The team’s pitchers, in an effort to do just that, are working on command of the strike zone. Schwartz said that when games spiraled out of control for Emerson last spring, the base on balls was usually to blame.
“A lot of teams, if you put the ball low in the zone [and] you have some good speed on it, there’s nothing they can really do about it,” Schwartz said. “We would just walk the ballpark a lot, and that’s what killed us.”
Schwartz finished the season permitting 11 free passes, while striking out 15 batters in 36 1/3 innings pitched. Laird walked 20 in 45 innings, while registering 22 punch-outs.
Vennochi said he hopes to “stack pitchers together” early in the year to have his best talent on the mound in the closest games, and to get the most out of each hurler.
“Making these guys just sell out is the key,” Vennochi said. “If it’s one batter, if it’s four batters, if it’s four innings, sell out, and then get out of there, because it’s [the] next guy’s turn.”
Laird said the plan should allow starters to pitch under less pressure and will be a welcome change.
“Doing that is going to provide us with more support in the relief innings, and last year that’s something we struggled with,” Laird, a visual and media arts major, said. “I think that late inning support from our starters is really going to help us push through and win those close games that are very hard.”
On the other side of the ball, Vennochi said he expects to exploit the team’s physical advantages, which he hopes will lead to errors by opponents.
“Our biggest strength is our team’s speed,” Vennochi said. “That’s what we’re going to be focusing on this year—our mentality is going to be totally aggressive on the basepaths. That doesn’t always mean stealing, it just means getting big leads [and] forcing the other team to throw the ball places they don’t normally want to throw it to.”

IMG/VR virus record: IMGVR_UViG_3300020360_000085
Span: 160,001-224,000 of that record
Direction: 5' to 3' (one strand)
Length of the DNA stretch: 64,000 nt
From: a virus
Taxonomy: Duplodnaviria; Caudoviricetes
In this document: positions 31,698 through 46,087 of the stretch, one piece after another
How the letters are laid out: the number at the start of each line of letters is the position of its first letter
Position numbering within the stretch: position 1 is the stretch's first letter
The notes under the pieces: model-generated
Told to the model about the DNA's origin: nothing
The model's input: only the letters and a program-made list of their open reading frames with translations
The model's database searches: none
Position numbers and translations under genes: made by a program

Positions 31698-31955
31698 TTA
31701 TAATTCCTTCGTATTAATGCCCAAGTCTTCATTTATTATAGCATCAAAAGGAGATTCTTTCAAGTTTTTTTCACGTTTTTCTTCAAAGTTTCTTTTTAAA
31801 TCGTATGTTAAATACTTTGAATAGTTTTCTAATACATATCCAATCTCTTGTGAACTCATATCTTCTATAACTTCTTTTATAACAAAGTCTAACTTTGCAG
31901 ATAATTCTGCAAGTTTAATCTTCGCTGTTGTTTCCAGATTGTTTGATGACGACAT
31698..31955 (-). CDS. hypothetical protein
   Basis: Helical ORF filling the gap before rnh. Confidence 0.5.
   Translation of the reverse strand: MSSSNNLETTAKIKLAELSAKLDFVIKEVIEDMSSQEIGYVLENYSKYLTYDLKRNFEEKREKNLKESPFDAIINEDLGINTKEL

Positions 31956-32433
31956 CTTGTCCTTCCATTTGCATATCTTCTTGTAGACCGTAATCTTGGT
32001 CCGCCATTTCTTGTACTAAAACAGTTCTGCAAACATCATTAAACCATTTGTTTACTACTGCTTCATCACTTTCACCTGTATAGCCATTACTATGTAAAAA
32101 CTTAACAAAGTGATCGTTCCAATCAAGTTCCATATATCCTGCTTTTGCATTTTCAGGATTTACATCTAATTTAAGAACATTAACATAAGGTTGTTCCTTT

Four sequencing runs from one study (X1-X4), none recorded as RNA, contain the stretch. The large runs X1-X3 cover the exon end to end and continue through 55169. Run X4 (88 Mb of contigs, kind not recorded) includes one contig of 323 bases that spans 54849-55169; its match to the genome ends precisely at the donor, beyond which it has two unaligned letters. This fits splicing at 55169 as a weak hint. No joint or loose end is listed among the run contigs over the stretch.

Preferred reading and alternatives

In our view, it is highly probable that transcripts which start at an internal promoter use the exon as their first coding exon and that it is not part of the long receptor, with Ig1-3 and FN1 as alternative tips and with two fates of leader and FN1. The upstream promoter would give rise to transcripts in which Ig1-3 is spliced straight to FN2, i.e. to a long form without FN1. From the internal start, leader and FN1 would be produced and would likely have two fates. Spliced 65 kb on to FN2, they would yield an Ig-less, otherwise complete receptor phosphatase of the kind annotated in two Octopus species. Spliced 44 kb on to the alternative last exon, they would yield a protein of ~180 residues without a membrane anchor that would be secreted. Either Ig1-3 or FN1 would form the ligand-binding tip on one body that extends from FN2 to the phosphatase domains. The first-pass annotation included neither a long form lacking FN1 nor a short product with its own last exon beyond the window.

Vennochi said his lineup isn’t set in stone throughout March and April, and he anticipates serious early playing time for underclassmen. Laird, who logged 24 at bats in his first two collegiate seasons despite primarily pitching, said hitters are looking to be on top of opponents’ offerings early in the count.
“Offensively, we’re trying to get more aggressive attacking pitches,” Laird said. “During the  season, against a lot of the NEWMAC teams, we were pretty passive, which ended up really hurting us in a lot of our games.”
The Lions traveled to Malden Catholic High School to play host to Wentworth in a tune-up for their annual Florida slate on Saturday. Behind a walk-off double from senior Steve Cameron, Emerson defeated the Leopards, 9-8 in 11 innings. As a unit, the team stole eight bases.
The win marked their second straight—last year’s club closed out the season with a 5-2 triumph over Rivier. Vennochi said he’s evaluating every game—conference and nonconference—with the same ultimate goal in mind.
“They all mean the same to me right now,” Vennochi said. “It’s all about getting these reps and having this structure, so when we come back in the fall, we have something that we can actually stand on. I’d love to say we’re going to be in the playoffs, but realistically, we just want to compete; we want the other team to know we’re there. We want them to feel us.”